This blog is about life with my husband who was diagnosed with Early Onset Alzheimer's and Frontal Lobe Dementia in 2008. He was 64 at the time although now, knowing more about the disease, Alzheimer's was present many, many years ago, which is why early detection is so important. As you read the blog the character"Al" that I created in 2008 represents the way that Alzheimer's is invading our daily lives.

Thursday, January 5, 2017

Living with Bob and "Al"

There have been many difficult changes in "Al" and Sheri has moved her line in the sand many times, but she has been looking at different options for placement. She has been trying to take a logical approach, but honestly there are no good choices here. That is not to say there are not good places, she just means that no one should ever have to make a decision between self preservation and  knowing a choice you make will bring about a substantial decline in a loved ones life. Sheri is trying to be honest about her feelings. She knows others must be struggling with this as well. She hears over and over from her readers that they appreciate feeling connected with her on this journey, so Sheri is going to continue to share this process here. Please know she is not asking for pity about the situation she knows it is what it is. Her emotions are raw right now and she is human. As hard as it is she will continue to Pause, Praise and Pray.

7 comments:

  1. Oh Sheri, what a difficult decision we all eventually face in this terrible disease. I have to keep telling myself that I owe it to my family to take care of myself and that soon my husband will become more than I can or should be able to help. I don't think my husband would want me to sacrifice my health and relationships with our children and grandchildren. We must be grateful for our journey so far and recognize when it is time to let go. And thank God for the wonderful places now available to care for our loved ones when we no longer can. Good luck! Let go and let God!

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  2. Sheri, don't be so hard on yourself! You have given so much to Bob and to all your blog readers! My thoughts and prayers are with you in these tough but necessary decisions, and I know you will do what is best and what you have to do. This guilt is an awful thing for dementia caregivers. I know it's because of your deep love, but you know this is a losing battle and you do have to take care of yourself.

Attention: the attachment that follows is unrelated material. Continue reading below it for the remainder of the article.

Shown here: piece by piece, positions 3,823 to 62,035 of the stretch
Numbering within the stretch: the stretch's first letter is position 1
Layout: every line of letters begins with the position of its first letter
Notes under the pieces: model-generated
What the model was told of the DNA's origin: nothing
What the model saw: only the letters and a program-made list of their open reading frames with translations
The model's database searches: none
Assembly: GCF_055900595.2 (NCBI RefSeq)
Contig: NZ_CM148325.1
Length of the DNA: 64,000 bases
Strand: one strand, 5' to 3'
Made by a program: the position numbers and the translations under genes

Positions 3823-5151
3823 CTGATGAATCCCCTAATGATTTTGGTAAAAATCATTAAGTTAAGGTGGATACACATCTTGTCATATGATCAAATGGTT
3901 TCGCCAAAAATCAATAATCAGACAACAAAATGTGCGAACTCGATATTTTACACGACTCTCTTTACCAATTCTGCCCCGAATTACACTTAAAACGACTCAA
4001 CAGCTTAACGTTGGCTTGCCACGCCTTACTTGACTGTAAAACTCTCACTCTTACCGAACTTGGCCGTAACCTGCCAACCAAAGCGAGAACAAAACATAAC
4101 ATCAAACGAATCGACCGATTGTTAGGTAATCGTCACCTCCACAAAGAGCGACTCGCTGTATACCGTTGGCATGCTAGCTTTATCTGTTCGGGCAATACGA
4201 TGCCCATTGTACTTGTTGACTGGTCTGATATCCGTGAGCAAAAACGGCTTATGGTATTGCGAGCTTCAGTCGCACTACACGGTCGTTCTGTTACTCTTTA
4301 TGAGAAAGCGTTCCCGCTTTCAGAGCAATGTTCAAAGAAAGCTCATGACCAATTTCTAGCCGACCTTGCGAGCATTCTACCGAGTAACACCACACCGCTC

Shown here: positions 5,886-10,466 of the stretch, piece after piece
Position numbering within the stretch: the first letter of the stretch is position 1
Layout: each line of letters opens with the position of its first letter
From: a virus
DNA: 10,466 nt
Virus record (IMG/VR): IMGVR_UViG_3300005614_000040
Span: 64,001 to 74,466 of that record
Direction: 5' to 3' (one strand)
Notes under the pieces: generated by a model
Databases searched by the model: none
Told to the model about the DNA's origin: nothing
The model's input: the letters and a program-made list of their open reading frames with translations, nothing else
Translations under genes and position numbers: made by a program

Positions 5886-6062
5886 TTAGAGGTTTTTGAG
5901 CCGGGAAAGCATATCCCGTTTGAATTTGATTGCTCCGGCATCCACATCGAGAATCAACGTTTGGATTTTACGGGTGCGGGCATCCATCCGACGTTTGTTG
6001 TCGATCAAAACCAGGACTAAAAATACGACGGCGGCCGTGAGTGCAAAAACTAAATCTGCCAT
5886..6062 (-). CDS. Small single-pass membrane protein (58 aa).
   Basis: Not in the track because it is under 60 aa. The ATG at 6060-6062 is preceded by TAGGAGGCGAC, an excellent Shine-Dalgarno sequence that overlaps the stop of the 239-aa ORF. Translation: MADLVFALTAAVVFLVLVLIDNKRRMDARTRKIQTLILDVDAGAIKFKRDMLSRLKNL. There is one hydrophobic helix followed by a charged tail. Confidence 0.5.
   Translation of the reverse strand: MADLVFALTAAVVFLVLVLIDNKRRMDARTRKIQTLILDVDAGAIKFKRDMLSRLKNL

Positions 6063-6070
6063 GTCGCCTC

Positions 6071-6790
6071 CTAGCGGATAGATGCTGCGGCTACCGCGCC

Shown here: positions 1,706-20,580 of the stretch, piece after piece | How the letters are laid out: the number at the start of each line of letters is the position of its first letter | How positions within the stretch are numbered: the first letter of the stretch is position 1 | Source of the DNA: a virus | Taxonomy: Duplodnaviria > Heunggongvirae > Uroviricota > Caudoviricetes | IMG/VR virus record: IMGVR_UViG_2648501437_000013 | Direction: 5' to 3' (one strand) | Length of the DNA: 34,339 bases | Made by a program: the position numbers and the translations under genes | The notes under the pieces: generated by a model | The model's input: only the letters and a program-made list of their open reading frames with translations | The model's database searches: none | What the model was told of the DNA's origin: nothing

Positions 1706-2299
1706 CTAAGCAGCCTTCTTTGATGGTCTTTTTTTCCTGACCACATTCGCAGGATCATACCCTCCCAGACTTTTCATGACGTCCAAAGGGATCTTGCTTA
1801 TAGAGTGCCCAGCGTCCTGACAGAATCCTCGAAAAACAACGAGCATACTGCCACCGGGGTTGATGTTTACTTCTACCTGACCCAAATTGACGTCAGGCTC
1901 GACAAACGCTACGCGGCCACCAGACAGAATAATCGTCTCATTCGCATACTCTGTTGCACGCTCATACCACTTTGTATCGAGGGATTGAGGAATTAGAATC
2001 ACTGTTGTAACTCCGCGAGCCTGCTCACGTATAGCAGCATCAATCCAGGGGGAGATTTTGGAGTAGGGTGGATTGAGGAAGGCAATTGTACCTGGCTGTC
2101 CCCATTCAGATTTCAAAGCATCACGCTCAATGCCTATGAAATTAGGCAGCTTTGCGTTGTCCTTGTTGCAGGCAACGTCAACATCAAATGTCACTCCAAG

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  3. You are only human, and his care is more than one human can do. You've already gone way beyond what any reasonable person could have coped with. I truly believe it is a loving thing to place someone when you know that it is best, even if it isn't what you would like to do, personally.

    So even though you know it's right, and you have faith in God that it's the right thing to do, thank you for being open that it's painful. You are amazing. x

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  4. Dear Sheri. It's a terrible decision, and one that I have already taken. I have found great consolation in seeing that although my husband is different in care, he is not necessarily worse off. he may be 'worse' from MY point of view, but he is safer (psychologically and physically) and more relaxed, because no longer challenged by many everyday activities which he knows, at some level, that he should be able to do, knows that he used to be able to do them, can see others who can do them, and yet cannot do them himself. Praying is definitely, definitely in order. Much love.

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  5. Dear Sheri. It's a terrible decision, and one that I have already taken. I have found great consolation in seeing that although my husband is different in care, he is not necessarily worse off. he may be 'worse' from MY point of view, but he is safer (psychologically and physically) and more relaxed, because no longer challenged by many everyday activities which he knows, at some level, that he should be able to do, knows that he used to be able to do them, can see others who can do them, and yet cannot do them himself. Praying is definitely, definitely in order. Much love.

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